Plastic Recycling

Hotel Chocolat & Tesco embark on plastic recycling schemes

Tesco supermarket storefront

It has been announced this week that Hotel Chocolat, the only company in the UK to grow cocoa on its own plantation, is to encourage customers to bring plastic back into its stores so that it can be recycled.

Shoppers can now bring back any clean plastic packaging into one of its 103 stores across the UK.

The scheme also includes packaging from any product or retailer.

Hotel Chocolat has stated that it is pushing the scheme in an effort to become more environmentally friendly and has pledged to make its packaging reusable, recyclable, or compostable by 2021.

The company has already introduced packaging made from sugar cane that is sustainable, biodegradable, and compostable.

Angus Thirlwell, Hotel Chocolat’s CEO and co-founder said that: “We are now doubling our efforts to accelerate the rest of our sustainability programme.”

In other news, Tesco has introduced a new king of technology that allows the supermarket to recycle all forms of plastic,

As part of a trial, 10 stores in the Bristol and Swindon areas are recycling with specialist technologies that will allow customers to return hard-to-recycle plastics.

This includes shopping bags, crisp packets, and pet food pouches, which can’t currently be recycled by councils.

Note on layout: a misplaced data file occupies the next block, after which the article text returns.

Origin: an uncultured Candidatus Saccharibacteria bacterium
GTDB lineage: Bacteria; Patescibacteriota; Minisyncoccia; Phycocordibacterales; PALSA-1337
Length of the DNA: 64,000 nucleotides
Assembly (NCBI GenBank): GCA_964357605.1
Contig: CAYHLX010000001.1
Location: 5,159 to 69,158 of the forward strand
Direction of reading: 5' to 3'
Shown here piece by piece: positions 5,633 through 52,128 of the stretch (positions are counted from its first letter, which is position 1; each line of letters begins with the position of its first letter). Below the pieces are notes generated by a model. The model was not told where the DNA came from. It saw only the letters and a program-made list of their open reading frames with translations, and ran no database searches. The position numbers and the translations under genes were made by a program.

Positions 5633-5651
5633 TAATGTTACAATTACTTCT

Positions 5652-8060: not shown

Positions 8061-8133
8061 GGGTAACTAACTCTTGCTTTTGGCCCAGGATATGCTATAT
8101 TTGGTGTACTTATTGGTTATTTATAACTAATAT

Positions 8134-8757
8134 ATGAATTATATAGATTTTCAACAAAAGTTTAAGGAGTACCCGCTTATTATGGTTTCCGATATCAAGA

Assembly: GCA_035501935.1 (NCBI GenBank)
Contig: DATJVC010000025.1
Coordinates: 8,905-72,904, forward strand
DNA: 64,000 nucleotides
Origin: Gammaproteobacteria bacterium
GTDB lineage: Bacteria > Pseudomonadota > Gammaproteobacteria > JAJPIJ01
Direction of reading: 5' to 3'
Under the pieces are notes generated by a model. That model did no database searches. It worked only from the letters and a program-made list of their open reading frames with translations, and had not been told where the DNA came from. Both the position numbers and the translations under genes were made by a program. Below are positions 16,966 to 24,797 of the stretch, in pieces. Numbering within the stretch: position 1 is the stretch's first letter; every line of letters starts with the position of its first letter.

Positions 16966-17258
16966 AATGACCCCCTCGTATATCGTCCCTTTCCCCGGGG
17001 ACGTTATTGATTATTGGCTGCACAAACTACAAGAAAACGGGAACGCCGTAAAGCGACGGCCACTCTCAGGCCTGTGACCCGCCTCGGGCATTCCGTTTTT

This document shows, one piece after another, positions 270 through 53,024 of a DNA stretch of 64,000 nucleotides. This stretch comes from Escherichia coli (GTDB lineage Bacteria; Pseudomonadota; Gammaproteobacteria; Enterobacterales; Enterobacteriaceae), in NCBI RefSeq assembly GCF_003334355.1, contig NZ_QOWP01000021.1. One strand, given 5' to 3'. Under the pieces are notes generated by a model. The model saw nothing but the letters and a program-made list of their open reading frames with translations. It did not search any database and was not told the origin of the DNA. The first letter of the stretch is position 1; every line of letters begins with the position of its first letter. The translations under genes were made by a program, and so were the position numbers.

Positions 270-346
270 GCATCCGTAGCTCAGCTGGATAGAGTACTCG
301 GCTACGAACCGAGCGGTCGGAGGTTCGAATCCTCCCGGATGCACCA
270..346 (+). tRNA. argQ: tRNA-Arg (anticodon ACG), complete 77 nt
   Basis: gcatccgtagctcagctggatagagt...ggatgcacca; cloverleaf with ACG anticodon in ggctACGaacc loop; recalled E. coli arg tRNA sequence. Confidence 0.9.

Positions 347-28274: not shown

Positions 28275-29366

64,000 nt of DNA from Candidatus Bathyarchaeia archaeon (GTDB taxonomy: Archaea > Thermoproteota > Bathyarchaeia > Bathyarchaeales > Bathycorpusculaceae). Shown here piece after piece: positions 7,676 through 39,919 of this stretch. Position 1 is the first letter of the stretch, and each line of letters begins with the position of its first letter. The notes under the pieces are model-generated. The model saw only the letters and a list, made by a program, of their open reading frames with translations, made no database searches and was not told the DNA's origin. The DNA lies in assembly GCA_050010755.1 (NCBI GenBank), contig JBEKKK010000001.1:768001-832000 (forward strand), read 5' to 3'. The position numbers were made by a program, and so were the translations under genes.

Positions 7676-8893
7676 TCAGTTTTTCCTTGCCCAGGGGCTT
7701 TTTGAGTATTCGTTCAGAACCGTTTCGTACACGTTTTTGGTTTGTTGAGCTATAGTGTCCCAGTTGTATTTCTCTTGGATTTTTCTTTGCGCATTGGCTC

Currently, 83% of its packaging is currently recyclable, but is aiming to make all of it recyclable by 2025.

The company stated last week that it would remove plastic-wrapped fruits and vegetables as part of a separate trial.

Sarah Bradbury, Tesco’s director of quality, said: “Reducing and recycling plastics is such an important issue for us, for customers and for the future of our planet. Our trial with Recycling Technologies will make even more of our packaging recyclable and help us reach our target.”

She continued, saying that: “This technology could be the final piece of the jigsaw for the UK plastic recycling industry.”

Andy has worked as a freelance journalist for a number of years and has been published in some of the UK’s top newspapers. He is now the editor Commercial Waste Magazine and contributes to a large selection of headlines and blog articles on the site.

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